DALLAS - To say 6-year-old Nick Baker is reluctant to get a flu shot would be a giant understatement.

I don't want to do it, said the crying boy to his father.

He will do anything he can to get away from the doctor's office, said Carolyn Baker, Nick's mother. When it comes to shots, anything.

The entire Baker family is getting a flu shot, in part to protect a new baby in the household from the potentially dangerous virus.

This year, the Bakers are trying a new approach to overcome the kids' flu shot phobia. They've brought them to the Ouch-Free Zone at Doctor's Express in Dallas, where a brand-new, needle-free flu vaccine is available.

The device does not use a sharp needle of any kind. Instead, it spring loads the liquid and injects it like a high-powered squirt gun.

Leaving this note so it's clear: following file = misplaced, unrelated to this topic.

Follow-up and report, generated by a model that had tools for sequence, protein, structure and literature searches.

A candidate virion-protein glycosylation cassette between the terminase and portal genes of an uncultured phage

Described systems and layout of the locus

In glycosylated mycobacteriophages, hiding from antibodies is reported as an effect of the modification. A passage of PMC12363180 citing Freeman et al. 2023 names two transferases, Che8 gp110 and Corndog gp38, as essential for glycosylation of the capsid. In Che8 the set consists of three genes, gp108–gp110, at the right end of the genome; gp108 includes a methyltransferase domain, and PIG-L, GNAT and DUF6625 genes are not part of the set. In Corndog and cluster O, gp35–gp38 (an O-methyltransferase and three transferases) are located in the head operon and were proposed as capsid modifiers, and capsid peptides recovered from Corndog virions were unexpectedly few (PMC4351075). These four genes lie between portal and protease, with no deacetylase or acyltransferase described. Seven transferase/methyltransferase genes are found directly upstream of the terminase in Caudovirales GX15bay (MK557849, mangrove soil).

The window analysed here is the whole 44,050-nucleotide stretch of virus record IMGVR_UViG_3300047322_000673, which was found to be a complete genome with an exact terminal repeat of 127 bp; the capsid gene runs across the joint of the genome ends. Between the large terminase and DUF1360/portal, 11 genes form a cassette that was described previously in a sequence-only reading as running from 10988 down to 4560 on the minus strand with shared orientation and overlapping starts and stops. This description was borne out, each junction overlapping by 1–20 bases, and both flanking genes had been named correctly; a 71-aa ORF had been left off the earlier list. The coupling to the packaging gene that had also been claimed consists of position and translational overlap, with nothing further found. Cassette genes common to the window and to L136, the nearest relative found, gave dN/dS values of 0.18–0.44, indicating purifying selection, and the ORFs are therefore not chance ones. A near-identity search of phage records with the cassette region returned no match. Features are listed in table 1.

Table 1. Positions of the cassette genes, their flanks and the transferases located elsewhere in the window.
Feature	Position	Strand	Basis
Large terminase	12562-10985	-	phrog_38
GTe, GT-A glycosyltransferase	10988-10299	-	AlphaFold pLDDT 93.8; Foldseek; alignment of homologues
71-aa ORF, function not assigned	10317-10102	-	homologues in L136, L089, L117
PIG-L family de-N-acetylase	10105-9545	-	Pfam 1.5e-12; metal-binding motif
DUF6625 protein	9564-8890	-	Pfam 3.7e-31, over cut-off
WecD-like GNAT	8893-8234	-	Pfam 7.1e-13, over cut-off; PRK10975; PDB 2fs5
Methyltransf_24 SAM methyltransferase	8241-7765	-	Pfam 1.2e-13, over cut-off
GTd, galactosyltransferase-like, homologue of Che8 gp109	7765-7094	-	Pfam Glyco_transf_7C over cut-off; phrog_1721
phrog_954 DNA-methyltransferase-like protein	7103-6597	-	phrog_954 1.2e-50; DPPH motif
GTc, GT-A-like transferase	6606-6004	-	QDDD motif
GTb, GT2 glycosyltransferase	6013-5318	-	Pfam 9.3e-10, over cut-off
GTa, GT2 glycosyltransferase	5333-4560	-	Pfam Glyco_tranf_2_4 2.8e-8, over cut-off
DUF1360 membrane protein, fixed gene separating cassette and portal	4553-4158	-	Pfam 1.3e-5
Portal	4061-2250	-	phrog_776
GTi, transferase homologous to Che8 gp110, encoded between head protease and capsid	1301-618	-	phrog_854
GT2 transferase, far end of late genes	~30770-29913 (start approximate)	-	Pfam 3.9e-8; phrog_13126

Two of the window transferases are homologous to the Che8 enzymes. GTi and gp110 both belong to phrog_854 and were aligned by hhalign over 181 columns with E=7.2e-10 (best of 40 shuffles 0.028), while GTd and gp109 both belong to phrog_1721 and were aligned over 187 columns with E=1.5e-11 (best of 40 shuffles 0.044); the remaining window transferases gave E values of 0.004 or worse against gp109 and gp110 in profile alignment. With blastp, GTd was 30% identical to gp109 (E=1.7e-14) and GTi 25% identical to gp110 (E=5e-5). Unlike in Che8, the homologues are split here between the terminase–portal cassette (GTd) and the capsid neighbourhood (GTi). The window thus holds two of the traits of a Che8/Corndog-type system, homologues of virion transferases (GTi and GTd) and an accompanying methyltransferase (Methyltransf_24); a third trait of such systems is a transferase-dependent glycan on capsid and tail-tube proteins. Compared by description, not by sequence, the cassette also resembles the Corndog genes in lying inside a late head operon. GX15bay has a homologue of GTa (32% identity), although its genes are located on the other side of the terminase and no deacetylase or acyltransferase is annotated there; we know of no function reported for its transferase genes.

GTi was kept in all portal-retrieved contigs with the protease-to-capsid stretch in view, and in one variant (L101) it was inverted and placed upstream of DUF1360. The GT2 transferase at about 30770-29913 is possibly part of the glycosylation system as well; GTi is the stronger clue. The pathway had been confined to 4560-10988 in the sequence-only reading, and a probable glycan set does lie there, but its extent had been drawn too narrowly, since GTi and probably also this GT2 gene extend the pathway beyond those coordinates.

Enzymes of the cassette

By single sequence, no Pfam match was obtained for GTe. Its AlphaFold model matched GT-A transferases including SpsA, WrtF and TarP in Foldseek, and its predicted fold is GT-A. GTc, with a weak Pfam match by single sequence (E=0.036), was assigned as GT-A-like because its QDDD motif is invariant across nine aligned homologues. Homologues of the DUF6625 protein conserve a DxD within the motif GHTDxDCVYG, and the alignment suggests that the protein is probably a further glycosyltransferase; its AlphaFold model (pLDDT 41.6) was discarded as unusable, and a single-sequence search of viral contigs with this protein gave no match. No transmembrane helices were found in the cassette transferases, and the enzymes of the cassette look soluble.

It literally pushes the medication at such velocity, said Darrell Cartwright, Pharmajet device. It actually pierces the tissue.

Vaccine experts at a recent conference said the needle-free device offers as much protection as a traditional shot, which goes directly into the muscle. They work better than a traditional flu shot because the liquid jet passes through a layer of skin rich in cells that absorb medicine quicker.

Because medicine is absorbed better, less vaccine could be used. That may allow health officials to stretch vaccine in times of shortage.

Skin reactions like redness, itching and swelling are reported to be more likely with the needle-free device.

Nick's older brother, Joe, was impressed and surprised the needle-free vaccine did not hurt.

The device only made a popping sound.

For Nick, there could be no convincing. He claimed the experience still hurt.

Some say it may.


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